As mentioned above, the ZenFone AR goes both ways: It can be used with the Daydream VR headset, and it also can use advanced AR apps. But Google's Tango and Daydream-compatible app libraries are very different from each other at the moment, and only one app so far -- a 3D-scanning app called Tango Constructor -- can work in both Tango and VR modes. Daydream VR requires popping the phone into a headset, while Tango works without a headset on.
In fact, only Tango phones will work with Google's cool AR Expeditions app, which lets students explore virtual attractions like solar systems and statues from selfie-sick length.
Coming soon: Standalone VR headsets, no phone needed
To date, consumer VR products have all been high-end models tethered to PCs and game consoles (HTC Vive, Oculus Rift, PlayStation VR and Microsoft's forthcoming Windows 10 headsets) or "phone on your face" accessories (Daydream View, Samsung Gear VR). But Google will soon be spinning off its Daydream platform with phone-free headsets.
HTC and Lenovo are making the first standalone Daydream models, powered by Qualcomm silicon. These headsets will be totally self-contained, not require a phone, and will run Daydream VR apps. They will also have built-in "WorldSense" cameras that allow some room-tracking and movement. That's similar to Microsoft's upcoming low-cost VR headsets for Windows PCs -- but unlike those, the Google ones won't require you to be physically cabled to a computer.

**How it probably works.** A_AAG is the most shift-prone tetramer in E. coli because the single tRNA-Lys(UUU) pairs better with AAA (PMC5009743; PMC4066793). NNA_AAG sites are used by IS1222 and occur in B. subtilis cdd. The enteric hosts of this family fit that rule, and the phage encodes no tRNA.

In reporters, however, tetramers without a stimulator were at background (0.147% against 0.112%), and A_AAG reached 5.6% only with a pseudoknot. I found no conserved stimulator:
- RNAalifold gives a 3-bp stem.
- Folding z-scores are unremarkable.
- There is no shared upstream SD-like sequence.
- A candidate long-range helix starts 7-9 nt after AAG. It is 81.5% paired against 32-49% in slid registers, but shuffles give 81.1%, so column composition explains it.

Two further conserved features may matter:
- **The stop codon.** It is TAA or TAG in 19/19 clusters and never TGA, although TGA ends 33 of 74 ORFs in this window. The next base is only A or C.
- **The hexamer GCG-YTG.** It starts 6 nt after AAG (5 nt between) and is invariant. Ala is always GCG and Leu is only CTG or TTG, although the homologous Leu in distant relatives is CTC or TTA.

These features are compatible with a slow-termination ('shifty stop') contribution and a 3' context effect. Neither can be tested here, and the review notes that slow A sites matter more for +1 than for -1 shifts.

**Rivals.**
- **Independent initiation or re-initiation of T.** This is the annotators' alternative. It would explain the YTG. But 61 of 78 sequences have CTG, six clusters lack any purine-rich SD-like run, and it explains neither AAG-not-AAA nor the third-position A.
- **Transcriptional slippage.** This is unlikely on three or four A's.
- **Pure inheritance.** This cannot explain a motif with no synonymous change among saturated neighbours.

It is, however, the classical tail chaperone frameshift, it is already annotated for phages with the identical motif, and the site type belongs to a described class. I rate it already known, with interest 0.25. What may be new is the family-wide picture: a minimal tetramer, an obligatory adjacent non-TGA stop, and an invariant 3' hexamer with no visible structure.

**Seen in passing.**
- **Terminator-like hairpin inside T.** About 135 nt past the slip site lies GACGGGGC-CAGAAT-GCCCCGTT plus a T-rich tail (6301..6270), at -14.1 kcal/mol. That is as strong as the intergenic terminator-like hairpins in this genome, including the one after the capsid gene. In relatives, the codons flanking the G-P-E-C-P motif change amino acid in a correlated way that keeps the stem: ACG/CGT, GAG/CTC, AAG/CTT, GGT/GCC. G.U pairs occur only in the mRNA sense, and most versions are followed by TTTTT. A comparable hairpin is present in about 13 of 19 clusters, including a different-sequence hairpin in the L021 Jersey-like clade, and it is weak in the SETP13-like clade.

How much will these headsets cost? How long will the batteries last? Will they be fun and easy to use? We have no idea yet, but Google's intending on these to be more advanced alternatives to the plug-in-your-phone Daydream View VR headset solution sold since last year. These sound promising, but buying into a separate headset will inevitably cost more than a simple Daydream accessory for the phone you already have. Will the proposition be worth the price?
VR and AR: The next standard feature, but not now
Daydream for phones. Tango. Standalone Daydream. Oh, and there's also YouTube 360 -- the 360-degree video that's a sorta-kinda VR experience that works in any browser.
That's a lot of options. Maybe too many. But it brings me back to good ol' Cardboard.
Guess what? Cardboard still works. It's ugly, it's basic, and you can even use it on an iPhone. But it's still the best way to share VR with kids and people who don't want to spring for specialized hardware. And it worked with any phone.
Cardboard feels like an afterthought. But to me, it's a reminder of how quickly Google's advanced and diversified its VR approach. Daydream View and Tango aren't VR and AR for everyone: they're VR and AR for those who have the right gear.
But that's just for now. It's a safe bet that Daydream and Tango compatibility could well be table stakes for high-end (and maybe even midrange) Android phones in a year or two. Fast-forward several years, and most mainstream phones will probably be VR and AR-ready.
Or, standalone headsets for VR could be affordable and ubiquitous enough that it won't matter.
Google seems like it's trying to win now by approaching all fronts at once. For the person who's buying a phone right now, that's going to mean some tough choices. But for Google, it might just be a win/win, positioning itself in all territories just as the AR/VR arms race with Microsoft, Facebook and Apple heats up.
I'm just a little bit concerned that three different trajectories on three different categories of products is a lot more challenging to get people to try than plain old Cardboard.